We must help young people engage in EU debate, says Lucas

16 March 2016

Caroline Lucas, Green Party MP, has said that the UK’s younger generations must engage in the EU debate before the older generations allow us to sleepwalk the UK into a Brexit.

Lucas, writing in IB Times, explained that the importance of the referendum must be stressed to young people. “It is deeply concerning that so far the debate has failed to engage those who have never in their lifetime had a say on the European question, and yet whose entire future will be affected by this vote.”

She argues that students and the younger generation in general may be enjoying the benefits of our EU membership without realising they could be about to be taken away. It may even seem impossible to them that the UK could turn its back on something that has always been there.

“They have grown up in the era of peace and stability inaugurated by the creation of the EU; been protected from discrimination and unfair treatment by EU laws; studied and worked with friends and colleagues who have come to the UK from abroad. For some, being European is an instinctive part of their identity. For others, remaining in is simply common sense.”

A vote to exit the EU in June would severely impact education and research in the UK, she says: “The billions of pounds of funding pumped into our higher education institutions not only allow us to conduct groundbreaking research, but mean that far more students are able to go on to study at post-graduate level.”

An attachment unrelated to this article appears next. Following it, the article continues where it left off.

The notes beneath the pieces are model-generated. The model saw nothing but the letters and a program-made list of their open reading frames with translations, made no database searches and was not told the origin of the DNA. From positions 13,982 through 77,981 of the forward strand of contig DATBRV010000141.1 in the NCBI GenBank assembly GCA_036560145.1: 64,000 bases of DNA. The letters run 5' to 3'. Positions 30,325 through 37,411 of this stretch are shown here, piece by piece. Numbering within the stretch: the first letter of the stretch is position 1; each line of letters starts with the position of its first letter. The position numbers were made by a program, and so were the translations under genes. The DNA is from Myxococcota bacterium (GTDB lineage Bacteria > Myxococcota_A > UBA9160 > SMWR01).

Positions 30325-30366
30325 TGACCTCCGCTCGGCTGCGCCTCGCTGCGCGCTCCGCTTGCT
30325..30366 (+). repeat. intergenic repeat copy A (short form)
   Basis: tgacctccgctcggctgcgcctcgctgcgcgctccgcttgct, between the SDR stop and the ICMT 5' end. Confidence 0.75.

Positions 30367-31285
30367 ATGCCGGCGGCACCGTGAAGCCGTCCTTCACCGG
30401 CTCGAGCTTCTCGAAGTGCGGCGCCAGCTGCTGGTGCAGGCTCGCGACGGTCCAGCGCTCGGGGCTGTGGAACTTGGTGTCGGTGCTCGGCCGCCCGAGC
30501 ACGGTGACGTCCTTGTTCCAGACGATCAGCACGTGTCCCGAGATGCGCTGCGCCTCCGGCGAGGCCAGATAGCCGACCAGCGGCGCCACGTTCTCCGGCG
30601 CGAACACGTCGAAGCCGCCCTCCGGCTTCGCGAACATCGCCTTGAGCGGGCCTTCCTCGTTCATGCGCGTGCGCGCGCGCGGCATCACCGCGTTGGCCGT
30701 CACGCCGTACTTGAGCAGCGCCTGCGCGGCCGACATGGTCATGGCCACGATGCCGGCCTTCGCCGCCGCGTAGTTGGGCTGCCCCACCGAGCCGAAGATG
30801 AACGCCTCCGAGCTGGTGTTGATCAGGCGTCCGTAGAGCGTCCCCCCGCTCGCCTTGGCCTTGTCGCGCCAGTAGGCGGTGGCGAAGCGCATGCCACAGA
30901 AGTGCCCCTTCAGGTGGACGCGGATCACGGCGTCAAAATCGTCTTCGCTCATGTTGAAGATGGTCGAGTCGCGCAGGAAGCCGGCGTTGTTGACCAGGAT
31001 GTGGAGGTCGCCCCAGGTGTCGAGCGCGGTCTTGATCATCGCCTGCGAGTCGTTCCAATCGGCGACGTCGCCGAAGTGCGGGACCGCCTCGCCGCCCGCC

If we stay in the EU, it’s the current young generation of the UK who could help shape the future of the EU. They will be the ones who will have a chance to make it become more democratic, more transparent - the EU we all want: “The younger generation has a huge opportunity to change Europe for the better – to ensure that it becomes a genuine force for solidarity and collective action.

“For a start that means making important meetings like the EU Council open to the public through livestreaming, and rebalancing the power in Brussels so that elected politicians in the European Parliament have sway over unelected commissioners – not the other way round.”